8 Hottest New Bakeries Around the U.S.
The well-worn neighborhood bakery, wooing with its walnut-studded brownies and misshapen peanut butter cookies, has made way for a decidedly slicker breed. Although homespun roots are at their core, these eight newcomers — whether turning out gooey cinnamon rolls or loaves of from-scratch bread — are stylish, aromatic lairs well worth the caloric feast.
New Yorkers' penchant for all foods Japanese was sated in a new form when HARBS opened in Chelsea late last year. At this first stateside outpost of the popular Japan-based bakery, one can order a curious Spanish omelet nestled inside thick white bread for lunch, but it should not deter them from the main event: dessert. The candy-colored confections here include a must-order green tea mousse, strewn with red beans and shellacked in whipped cream.
198 Ninth Ave., New York; 646-336-6888
Portland, OR: Seastar Bakery
Portland teems with quirky culinary operations and Annie Moss and Katia Bezerra-Clark's Seastar Bakery, which shares real estate with Handsome Pizza, is one such example. Toasts are a specialty here, including imaginative versions like roasted zucchini with labneh on red fife wheat, not to mention the creative ever-changing pastries including cardamom-cinnamon sugar challah knots.
1603 NE Killingsworth St., Portland; 503-247-7499
Pittsburgh: Bread and Salt Bakery
In case one needed further proof the Pittsburgh culinary scene is soaring, there is Bread and Salt. Rick Easton's Bloomfield bakery puts naturally leavened breads in the spotlight. Each one, made by hand, embraces organic flour and wheat grown on small family farms whenever possible. While the loaves are worth seeking out alone, Easton also tempts with pizzas crafted from stone-milled Pennsylvania wheat, pane mortadella sandwiches and plump bomboloni.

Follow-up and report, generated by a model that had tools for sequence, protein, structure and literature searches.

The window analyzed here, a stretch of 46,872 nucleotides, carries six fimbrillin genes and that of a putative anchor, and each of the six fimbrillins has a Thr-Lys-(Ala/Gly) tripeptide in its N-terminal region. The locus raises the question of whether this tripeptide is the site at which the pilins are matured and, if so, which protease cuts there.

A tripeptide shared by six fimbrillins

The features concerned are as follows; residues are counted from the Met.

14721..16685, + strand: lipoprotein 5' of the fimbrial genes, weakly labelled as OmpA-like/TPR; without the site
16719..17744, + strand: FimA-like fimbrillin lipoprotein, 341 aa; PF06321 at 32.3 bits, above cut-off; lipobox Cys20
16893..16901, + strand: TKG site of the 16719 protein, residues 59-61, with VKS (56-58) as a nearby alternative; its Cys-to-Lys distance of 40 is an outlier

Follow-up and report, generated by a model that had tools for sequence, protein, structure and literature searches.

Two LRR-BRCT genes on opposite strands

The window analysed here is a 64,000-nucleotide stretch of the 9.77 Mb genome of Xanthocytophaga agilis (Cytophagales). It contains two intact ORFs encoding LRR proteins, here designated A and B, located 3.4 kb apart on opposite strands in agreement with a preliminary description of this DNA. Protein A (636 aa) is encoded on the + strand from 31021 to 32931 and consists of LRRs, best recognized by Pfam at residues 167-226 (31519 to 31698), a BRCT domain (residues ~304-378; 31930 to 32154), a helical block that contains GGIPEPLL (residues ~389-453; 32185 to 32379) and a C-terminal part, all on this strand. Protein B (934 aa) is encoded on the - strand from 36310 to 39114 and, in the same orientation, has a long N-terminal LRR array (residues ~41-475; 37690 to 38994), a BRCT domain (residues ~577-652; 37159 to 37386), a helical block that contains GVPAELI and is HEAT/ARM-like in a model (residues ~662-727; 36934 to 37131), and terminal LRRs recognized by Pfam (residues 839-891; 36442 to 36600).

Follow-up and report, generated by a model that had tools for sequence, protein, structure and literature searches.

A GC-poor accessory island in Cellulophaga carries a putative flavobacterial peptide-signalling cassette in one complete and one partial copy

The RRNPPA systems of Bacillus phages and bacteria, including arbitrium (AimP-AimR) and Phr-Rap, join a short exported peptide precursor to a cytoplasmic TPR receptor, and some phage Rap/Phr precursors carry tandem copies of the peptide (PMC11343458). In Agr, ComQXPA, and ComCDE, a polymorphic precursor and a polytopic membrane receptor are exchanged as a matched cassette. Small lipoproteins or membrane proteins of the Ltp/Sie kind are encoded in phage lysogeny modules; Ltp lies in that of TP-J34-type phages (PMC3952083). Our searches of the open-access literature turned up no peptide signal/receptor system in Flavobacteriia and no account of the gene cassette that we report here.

It behooves patrons to visit Stargazy early, because this South Philly pie shop typically sells out of its goods (pictured above). This is not surprising considering proprietor Sam Jacobson, who has worked at a number of the city's beloved restaurants, makes such craveable British-inspired treats as sausage rolls and fig mascarpone tarts. Duck-bacon-prune pies are an especially hearty fit for autumn.
1838 E. Passyunk Ave., Philadelphia; 215-309-2761
Houston: Flo Paris
Houstonians typically head to the Galleria when they need to shop. Now they linger at the tony mall for Florelle and Rabih Salibi's Flo Paris. The European-inspired bakery serves obligatory crackling baguettes and Nutella crêpes, but also savory grub including salmon tandoori sandwiches and pepperoni quiche. This is what happens when the city's well-known madcap French chef, Philippe Schmit, runs the show.
5757 Westheimer Rd., Houston; 713-706-4442
Photo: Scott Suchman
Posh CityCenterDC is where one encounters the likes of Burberry and David Yurman, but the presence of sunny RareSweets (pictured above) makes the retail and housing complex far more inviting. Here, Meredith Tomason whips up brown butter blondies, peanut brittle and pumpkin and bourbon cocoa cake that comfort instead of intimidate.
Atlanta: Proof Bakeshop
Cakes & Ale, the hit restaurant in burgeoning Decatur, has now spawned Proof Bakeshop. Helming the kitchen of this Inman Park hangout are David Garcia and Abigail Quinn, who make such satisfyingly rustic desserts as Georgia apple pies dusted in brown sugar–oat streusel, Mexican chocolate macarons and chocolate-pecan tarts with brown sugar–cayenne crust.
100 Hurt St. NE, Atlanta; 678-705-3905
New Orleans: Willa Jean
As the longtime pastry chef for John Besh, Kelly Fields has emerged as one of New Orleans' biggest talents. Now her creations are front and center at Willa Jean (pictured at top), a brick-walked, Southern-fueled bakery in the Central Business District developed in partnership with Besh and Lisa White. Indulge in Valrhona chocolate and cinnamon rolls slathered in icing, as well as savory offerings like the must-order apricot mustard–smothered pigs in a blanket.
611 O'Keefe Ave., New Orleans; 504-509-7334